Rainbow trout are spawning right now, cruising reservoir shorelines as they look for a place to lay their eggs.
The spawn peaks from mid- to late-April in rivers and streams with gravel bottoms. The flowing water in a river or stream provides oxygen, which keeps the eggs alive. Gravel helps protect eggs from predators. Also, a silty bottom could smother and kill the eggs.
When it’s time to spawn — based on daylight length and warming water temperature (at least in the mid-40s) — a female rainbow will clear a slight depression, called a redd, in the gravel. She does this by turning on her side and beating her tail up and down. Then she deposits 2,000 to 3,000 eggs in the redd. Next, she begins digging at the upstream edge of the nest, covering the eggs with gravel.
As she releases her eggs, a male rainbow will move alongside her and release his milt over the eggs, fertilizing them. In a month or two the eggs will hatch.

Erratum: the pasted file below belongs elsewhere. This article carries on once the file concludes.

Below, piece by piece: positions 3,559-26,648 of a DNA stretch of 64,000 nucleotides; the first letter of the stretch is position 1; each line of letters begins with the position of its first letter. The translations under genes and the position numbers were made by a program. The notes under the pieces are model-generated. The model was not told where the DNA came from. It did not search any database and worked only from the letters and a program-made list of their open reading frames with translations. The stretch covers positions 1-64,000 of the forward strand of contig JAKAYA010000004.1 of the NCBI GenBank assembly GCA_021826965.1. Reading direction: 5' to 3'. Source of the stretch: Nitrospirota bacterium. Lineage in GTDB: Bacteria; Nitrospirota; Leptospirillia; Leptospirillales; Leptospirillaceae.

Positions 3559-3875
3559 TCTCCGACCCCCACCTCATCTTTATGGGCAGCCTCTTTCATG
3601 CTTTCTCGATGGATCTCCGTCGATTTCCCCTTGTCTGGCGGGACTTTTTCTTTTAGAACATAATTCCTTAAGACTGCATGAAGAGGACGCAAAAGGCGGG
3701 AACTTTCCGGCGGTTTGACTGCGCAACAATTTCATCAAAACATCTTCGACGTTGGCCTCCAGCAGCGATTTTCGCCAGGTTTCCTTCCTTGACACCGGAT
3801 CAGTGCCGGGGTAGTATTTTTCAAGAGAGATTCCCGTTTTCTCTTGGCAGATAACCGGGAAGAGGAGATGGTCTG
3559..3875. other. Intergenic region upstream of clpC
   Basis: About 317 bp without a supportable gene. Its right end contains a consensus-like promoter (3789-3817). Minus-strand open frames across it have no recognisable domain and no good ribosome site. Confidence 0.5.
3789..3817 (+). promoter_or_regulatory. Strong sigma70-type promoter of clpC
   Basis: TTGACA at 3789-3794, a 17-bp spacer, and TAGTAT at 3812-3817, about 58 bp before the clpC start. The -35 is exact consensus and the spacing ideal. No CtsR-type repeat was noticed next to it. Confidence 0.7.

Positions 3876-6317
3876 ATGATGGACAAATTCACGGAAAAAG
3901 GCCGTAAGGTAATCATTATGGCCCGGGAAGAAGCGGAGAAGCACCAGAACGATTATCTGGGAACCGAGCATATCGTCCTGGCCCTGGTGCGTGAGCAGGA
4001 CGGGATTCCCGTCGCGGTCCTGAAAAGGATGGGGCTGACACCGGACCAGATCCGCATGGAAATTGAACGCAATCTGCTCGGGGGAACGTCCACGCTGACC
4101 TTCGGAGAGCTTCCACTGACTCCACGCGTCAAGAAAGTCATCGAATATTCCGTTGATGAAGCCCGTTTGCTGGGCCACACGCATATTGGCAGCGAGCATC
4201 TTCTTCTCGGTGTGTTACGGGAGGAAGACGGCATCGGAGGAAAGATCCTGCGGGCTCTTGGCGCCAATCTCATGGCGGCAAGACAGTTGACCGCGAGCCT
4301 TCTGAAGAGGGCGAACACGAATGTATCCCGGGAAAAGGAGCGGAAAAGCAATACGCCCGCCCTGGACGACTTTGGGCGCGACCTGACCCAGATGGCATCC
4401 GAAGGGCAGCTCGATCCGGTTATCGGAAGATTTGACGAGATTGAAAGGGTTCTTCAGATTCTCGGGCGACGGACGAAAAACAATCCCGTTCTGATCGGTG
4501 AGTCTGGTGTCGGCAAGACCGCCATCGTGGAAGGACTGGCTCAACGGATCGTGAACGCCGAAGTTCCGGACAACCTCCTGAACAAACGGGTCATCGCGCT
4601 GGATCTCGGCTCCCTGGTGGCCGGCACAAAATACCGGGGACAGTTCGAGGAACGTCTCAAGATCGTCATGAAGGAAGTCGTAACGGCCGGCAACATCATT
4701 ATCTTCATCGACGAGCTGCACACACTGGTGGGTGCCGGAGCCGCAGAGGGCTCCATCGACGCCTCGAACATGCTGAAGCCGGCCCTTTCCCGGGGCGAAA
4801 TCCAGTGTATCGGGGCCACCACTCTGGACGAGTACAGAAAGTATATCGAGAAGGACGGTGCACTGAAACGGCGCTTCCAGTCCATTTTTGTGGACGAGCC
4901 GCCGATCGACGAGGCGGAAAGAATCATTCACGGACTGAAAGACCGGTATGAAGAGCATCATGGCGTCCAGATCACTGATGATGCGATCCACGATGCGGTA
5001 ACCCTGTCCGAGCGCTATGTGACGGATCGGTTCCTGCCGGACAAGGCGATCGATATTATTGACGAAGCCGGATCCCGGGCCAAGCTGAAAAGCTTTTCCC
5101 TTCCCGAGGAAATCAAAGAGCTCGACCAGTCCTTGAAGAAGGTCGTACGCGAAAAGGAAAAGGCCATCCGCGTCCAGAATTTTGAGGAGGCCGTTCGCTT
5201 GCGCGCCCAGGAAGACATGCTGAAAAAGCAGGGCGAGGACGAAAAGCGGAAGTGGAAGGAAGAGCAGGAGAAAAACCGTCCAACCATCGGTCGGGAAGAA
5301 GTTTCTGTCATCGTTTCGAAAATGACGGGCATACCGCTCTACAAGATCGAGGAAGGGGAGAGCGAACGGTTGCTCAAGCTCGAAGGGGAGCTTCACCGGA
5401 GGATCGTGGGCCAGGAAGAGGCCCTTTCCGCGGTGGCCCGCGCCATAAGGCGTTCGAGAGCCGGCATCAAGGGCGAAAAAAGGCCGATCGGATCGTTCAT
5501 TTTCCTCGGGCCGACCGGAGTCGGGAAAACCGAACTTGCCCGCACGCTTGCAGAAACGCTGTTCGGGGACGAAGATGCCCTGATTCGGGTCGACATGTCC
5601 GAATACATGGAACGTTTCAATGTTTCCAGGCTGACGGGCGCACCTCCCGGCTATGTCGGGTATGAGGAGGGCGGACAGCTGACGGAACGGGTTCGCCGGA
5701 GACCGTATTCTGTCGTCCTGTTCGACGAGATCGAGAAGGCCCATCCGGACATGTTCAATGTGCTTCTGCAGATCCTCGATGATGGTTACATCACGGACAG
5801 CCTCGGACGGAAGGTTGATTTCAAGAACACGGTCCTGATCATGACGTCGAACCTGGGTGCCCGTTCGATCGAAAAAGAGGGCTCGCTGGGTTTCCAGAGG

Rainbow trout in lakes must find a suitable creek or river with flowing water and a gravel bottom. Right now, they are slowly swimming along the shorelines, searching.
They often find the right type of gravel they need at a gradually sloping shoreline, like at a boat ramp. So if you hear somebody say they are near the boat ramp because they are returning to where the hatchery truck dumped them into the water, that’s not true.
There is also the theory that sunshine on the concrete of the boat ramp warms up the nearby shallow water just a few degrees, making it more attractive to fish.
In lakes where fish are stocked from the hatchery, it’s OK to keep the fish you catch because they usually won’t find the right place to spawn.